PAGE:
Ralph Lauren’s decision to step down as chief executive of his company was certainly a well-kept secret; the news that he will turn over the reins to Stefan Larsson, the president of Old Navy, jolted many fashion editors out of bed in Paris, where the shows have just started. In a way, though, there were hints of change in Lauren’s own show on September 17. Gone were the chandeliers above the runway, as well as the huge flower arrangement that always caused guests to titter about his taste and wealth. Come to think of it, the evening clothes in the show were unusually subdued. Where were the gowns?
The news, and the hiring of Larsson, raises a lot of questions. With the company’s share price down by almost half this year, will Larsson focus more on bread and butter — the Polo shirts and the department-store lines — rather than on the brand’s juice — the Purple Label and the runway collections? Will Lauren, who is 75 and retains the title of chairman (Larsson will report to him), truly remain involved in creative decisions, as he suggested in the Times? Over the past decade or so he has invested heavily in making his company the premier American luxury label, or at least in giving that impression. He opened showcase stores on Madison Avenue and in Paris. He sunk money into his restaurant business, reaping publicity with the popular New York branch. And ever bedazzled by the movies and aristocrats, his ads on Masterpiece Theatre make his name seem as venerable as Downton Abbey. But what if Lauren finds he doesn’t care for Larsson’s creative choices? Lauren told the Times, “When they start designing things I can’t understand, I’ll quit.”
Let’s start with the most important decision that Lauren made — to hire an outsider, rather than promote from within. For years, Lauren resisted giving up the title of CEO, even to longtime, trusted executive Roger Farah, who retired as chief operating officer and president in 2013 (and later joined Tory Burch). Farah, according to a former Ralph Lauren executive, “always knew well enough not to get involved in the creative side.” The former executive said, “As long as Ralph is breathing, he will be involved creatively” in the company.
The price of the company’s shares has dropped by half this year, so it’s likely that this move, announced with such fanfare, is partly about reassuring investors. Plainly, though, Lauren recognized that he probably wasn’t the best person to lead his company in the coming years. The market challenges are simply too enormous, and they are changing at a pace that very few veteran retail and fashion executives can grasp. (I wouldn’t get too hung up on the fact that Larsson, 41, comes from Gap and previously H&M. In 2003, Chanel hired Maureen Chiquet from Gap’s subsidiary Banana Republic, and in 2007, the French house made her CEO.) This is as true for American brands as it is for LVMH, which owns houses like Louis Vuitton and Céline. Such brands obviously have tons of cachet — fueled by talented designers, and big marketing budgets — but their managers can scarcely afford to sit in luxury silos, when the global economy seems so fluid and technology continually presents new opportunities.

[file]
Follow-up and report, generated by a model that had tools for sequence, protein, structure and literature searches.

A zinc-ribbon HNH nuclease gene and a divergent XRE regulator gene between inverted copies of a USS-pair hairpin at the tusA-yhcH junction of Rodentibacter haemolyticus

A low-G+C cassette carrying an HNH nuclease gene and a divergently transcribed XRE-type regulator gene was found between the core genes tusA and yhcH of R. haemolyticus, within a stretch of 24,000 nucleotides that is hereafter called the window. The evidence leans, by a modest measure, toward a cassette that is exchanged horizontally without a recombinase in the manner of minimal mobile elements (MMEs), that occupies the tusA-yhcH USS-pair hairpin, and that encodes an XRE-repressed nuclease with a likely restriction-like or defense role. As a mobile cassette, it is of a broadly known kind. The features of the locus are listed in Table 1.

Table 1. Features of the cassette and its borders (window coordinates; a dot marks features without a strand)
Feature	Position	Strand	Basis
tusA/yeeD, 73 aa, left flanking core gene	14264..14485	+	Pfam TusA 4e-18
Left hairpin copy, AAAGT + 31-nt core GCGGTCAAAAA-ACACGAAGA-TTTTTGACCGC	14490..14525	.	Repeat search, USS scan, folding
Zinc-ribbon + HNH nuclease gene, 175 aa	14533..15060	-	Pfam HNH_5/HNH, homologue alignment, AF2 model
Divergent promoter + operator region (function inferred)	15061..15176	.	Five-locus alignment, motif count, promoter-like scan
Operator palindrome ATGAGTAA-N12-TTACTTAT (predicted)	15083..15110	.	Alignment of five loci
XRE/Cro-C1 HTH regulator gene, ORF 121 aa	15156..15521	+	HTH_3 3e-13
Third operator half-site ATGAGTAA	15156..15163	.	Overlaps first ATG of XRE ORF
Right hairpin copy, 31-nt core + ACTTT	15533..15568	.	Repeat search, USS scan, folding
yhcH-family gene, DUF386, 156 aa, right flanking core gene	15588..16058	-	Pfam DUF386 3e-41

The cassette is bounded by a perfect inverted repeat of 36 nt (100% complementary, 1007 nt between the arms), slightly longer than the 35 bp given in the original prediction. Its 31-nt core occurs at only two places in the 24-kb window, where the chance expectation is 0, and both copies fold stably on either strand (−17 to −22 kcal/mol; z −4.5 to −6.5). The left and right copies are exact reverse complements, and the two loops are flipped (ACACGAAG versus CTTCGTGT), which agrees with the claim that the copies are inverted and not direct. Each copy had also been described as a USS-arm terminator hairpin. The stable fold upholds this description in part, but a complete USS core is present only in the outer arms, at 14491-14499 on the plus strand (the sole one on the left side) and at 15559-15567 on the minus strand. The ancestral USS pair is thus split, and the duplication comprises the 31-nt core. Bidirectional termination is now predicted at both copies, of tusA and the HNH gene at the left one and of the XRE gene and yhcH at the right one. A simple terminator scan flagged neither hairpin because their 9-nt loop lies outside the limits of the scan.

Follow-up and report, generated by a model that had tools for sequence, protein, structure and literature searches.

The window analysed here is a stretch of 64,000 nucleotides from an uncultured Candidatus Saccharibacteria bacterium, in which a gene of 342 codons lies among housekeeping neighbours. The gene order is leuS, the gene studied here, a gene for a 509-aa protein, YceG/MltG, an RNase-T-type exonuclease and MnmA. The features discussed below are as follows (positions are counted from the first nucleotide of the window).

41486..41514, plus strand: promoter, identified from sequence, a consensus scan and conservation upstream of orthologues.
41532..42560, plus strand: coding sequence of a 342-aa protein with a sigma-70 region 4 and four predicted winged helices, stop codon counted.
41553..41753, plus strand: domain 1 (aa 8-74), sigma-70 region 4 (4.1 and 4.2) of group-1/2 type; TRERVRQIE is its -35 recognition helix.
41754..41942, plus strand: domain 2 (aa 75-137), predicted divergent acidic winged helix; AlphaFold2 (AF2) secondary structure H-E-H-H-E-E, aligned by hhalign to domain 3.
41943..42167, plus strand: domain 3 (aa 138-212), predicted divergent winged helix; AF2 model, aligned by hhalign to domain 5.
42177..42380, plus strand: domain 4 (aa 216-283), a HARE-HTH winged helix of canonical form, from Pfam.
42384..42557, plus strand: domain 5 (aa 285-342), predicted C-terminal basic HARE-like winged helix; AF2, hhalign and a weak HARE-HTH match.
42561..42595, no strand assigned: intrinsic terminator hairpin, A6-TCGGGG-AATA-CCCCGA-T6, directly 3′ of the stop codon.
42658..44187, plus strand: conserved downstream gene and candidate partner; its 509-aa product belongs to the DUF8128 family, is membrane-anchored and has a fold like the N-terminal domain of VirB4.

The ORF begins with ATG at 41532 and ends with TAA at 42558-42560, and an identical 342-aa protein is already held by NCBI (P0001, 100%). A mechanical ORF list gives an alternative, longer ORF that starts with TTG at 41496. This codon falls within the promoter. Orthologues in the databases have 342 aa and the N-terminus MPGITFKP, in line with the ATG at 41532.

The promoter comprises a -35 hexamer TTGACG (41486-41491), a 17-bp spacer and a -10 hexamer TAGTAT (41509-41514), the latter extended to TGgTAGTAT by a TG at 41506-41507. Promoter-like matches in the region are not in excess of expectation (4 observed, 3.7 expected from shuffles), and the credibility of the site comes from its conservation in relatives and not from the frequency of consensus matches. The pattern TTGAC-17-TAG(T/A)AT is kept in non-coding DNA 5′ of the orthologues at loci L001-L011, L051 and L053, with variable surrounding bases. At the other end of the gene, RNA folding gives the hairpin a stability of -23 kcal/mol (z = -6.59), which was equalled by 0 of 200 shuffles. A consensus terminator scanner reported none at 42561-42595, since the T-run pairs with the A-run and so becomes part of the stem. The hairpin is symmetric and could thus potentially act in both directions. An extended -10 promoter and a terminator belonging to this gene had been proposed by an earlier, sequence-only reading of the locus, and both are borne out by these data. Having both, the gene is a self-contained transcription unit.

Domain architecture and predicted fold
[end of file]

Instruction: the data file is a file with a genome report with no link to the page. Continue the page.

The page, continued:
If anything, Lauren’s decision to step aside is a reminder to executives and founders that maybe they don’t know as much as they think they do — and maybe someone else knows more about what’s relevant for today. During the New York shows, I heard of a plan by an American designer to close his wholesale operation — thus bypassing glacierlike department stores — and begin manufacturing with a partner in Asia, with consumers able to order stuff online on a “buy now, wear now” basis. Such a model might not work for every designer label, but surely it’s the kind of creative 21st-century thinking that should intrigue every brand.
Lauren’s decision represents something else, too — that the age of the individual founder-designer is ending. This type of business started, more or less, in the 1870s with Charles Frederick Worth on the Rue de la Paix in Paris, ran through the golden age of couture in the ‘20s, with Chanel, Vionnet, and the last lights of Poiret, found a new audience in the postwar era with Dior and Balenciaga, and then exploded with ready-to-wear in the ‘70s. That’s a very abridged history of modern fashion, but the point is that, with the exception of Chanel, Hermès, Giorgio Armani, and Rei Kawakubo of Comme des Garçons, the great labels are no longer in the hands of individuals or families. Ralph Lauren has been a public company for years, but everybody knows that its driving force is Ralph.
Will that change when he steps aside? That depends on how active he is. But in time the company will evolve into something else, as Dior and Vuitton have under Bernard Arnault, and as Chanel will when Karl Lagerfeld calls it quits. It’s not inevitable that great names go under, though obviously many do.
A challenge for Stefan Larsson will be how to interpret luxury in a wealthy but increasingly listless and informal world, and how to pick and choose among Lauren’s fashions and symbols to find the real workhorses, in particular a kind of American exuberance. It will be a shame if it just ends up as a pretty pony on a shirt.